Red Cross pulls 71 foreign workers out of Yemen amid insecurity

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Humanitarian agencies working in Yemen remain deeply anxious about the likely impact of a Saudi-led assault, since as many as 600,000 civilians now live in and around Hudaydah, which lies on the country's Red Sea coast.

In a statement issued on Friday, Grande expressed her concern that "Up to 250,000 people could lose everything, even their lives" as a result of a possible military attack on the coastal city of Hodeidah.

About 450 ICRC workers remain in Yemen, but ICRC spokeswoman Marie-Claire Feghali said the organization could pull out additional employees in the coming days if security threats continue.

The ICRC relocated the majority of its worldwide staff from across Yemen to Djibouti, Marie Claire Feghali of the Red Cross told The Associated Press Friday.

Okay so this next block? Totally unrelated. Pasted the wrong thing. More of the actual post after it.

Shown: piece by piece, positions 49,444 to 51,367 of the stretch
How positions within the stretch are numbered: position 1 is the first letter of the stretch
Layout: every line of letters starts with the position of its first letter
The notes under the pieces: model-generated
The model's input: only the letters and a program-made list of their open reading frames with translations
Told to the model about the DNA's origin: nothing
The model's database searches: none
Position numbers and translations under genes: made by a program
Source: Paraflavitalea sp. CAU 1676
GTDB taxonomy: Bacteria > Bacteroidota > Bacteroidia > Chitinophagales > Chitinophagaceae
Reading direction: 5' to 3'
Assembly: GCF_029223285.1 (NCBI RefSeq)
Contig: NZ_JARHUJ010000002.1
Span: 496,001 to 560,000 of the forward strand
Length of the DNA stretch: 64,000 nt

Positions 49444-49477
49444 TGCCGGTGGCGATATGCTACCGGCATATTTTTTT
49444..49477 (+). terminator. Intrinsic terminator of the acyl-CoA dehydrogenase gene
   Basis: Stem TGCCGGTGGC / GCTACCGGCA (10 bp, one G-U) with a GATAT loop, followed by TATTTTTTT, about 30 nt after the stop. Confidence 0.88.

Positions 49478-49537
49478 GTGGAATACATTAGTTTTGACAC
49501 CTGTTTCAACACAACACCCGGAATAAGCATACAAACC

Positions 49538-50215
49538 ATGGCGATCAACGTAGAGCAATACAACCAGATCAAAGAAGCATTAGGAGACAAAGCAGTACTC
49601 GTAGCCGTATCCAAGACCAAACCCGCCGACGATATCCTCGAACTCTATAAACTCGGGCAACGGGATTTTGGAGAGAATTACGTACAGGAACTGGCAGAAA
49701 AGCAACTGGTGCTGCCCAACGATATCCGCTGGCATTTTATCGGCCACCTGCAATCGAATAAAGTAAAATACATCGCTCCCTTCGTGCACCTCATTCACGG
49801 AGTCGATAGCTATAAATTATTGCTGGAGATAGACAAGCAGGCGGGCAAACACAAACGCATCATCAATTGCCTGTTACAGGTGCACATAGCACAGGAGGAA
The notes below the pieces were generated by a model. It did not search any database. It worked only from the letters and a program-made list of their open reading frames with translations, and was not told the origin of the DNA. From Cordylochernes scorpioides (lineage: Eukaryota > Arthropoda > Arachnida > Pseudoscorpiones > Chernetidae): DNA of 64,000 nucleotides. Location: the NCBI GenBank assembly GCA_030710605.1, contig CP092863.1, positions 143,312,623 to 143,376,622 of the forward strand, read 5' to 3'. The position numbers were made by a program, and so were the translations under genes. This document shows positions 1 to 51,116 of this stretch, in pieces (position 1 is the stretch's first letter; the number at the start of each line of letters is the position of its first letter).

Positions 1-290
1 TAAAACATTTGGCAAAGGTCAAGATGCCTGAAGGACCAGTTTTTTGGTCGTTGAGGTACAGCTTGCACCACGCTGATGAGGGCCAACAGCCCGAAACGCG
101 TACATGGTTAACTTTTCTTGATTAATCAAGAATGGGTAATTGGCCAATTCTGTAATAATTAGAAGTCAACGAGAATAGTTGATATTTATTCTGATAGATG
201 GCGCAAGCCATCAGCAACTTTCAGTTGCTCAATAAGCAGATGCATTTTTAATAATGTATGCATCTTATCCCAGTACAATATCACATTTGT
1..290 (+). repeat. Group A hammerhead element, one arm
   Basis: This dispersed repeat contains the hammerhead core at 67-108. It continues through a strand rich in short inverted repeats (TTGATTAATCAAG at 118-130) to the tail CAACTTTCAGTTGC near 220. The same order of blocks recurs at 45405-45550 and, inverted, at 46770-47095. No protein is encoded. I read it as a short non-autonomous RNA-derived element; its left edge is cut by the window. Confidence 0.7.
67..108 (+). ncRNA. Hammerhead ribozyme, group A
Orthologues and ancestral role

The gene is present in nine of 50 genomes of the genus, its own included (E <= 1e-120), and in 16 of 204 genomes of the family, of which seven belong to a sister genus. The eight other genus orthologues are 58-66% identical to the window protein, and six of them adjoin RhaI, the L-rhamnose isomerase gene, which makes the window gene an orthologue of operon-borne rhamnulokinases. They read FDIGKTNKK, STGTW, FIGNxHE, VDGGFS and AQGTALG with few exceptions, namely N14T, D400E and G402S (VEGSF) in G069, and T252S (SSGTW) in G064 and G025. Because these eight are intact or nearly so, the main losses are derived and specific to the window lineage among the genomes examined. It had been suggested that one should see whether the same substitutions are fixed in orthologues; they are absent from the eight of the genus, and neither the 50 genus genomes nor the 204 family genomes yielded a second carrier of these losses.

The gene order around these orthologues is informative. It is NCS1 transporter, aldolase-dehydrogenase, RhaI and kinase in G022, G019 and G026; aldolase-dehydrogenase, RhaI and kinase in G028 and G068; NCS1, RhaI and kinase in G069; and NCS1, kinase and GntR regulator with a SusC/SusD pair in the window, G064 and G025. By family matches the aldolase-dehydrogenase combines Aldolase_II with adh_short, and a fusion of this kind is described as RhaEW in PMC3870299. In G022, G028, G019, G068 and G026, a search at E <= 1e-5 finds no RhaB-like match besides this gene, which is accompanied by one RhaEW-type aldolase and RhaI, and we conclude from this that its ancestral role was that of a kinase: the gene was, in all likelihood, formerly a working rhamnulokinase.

"We have received threats from all sides".

"The security of our staff, who are being intimidated by parties to the conflict, is a non-negotiable prerequisite for our presence and work in Yemen", it added. Turki Al-Malki said that at 18:46 today, the Saudi Royal Air Forces monitored two ballistic missiles launched by the Iran-backed terrorist Houthi militias from inside the Yemeni territories (Saada Province) towards the Saudi territories. An ICRC employee, a Lebanese national, was killed on 21 April when an unknown gunman opened fire on the man's auto in the south-western city of Taiz.

Since then, more than 10,000 people have been killed, majority civilians.

It has also damaged Yemen's infrastructure, crippled its health system and pushed it to the brink of starvation.

Yemen, according to the United Nations, faces the world's worst humanitarian crisis and 22.2 million Yemenis are in need of humanitarian aid, and 8.4 million are at risk of starvation, a number that will rise to 18 million this year if conditions do not improve.

The deal also says that Saudi and UAE armed forces would also halt their bombing of Yemeni towns and cities, which has killed thousands of civilians.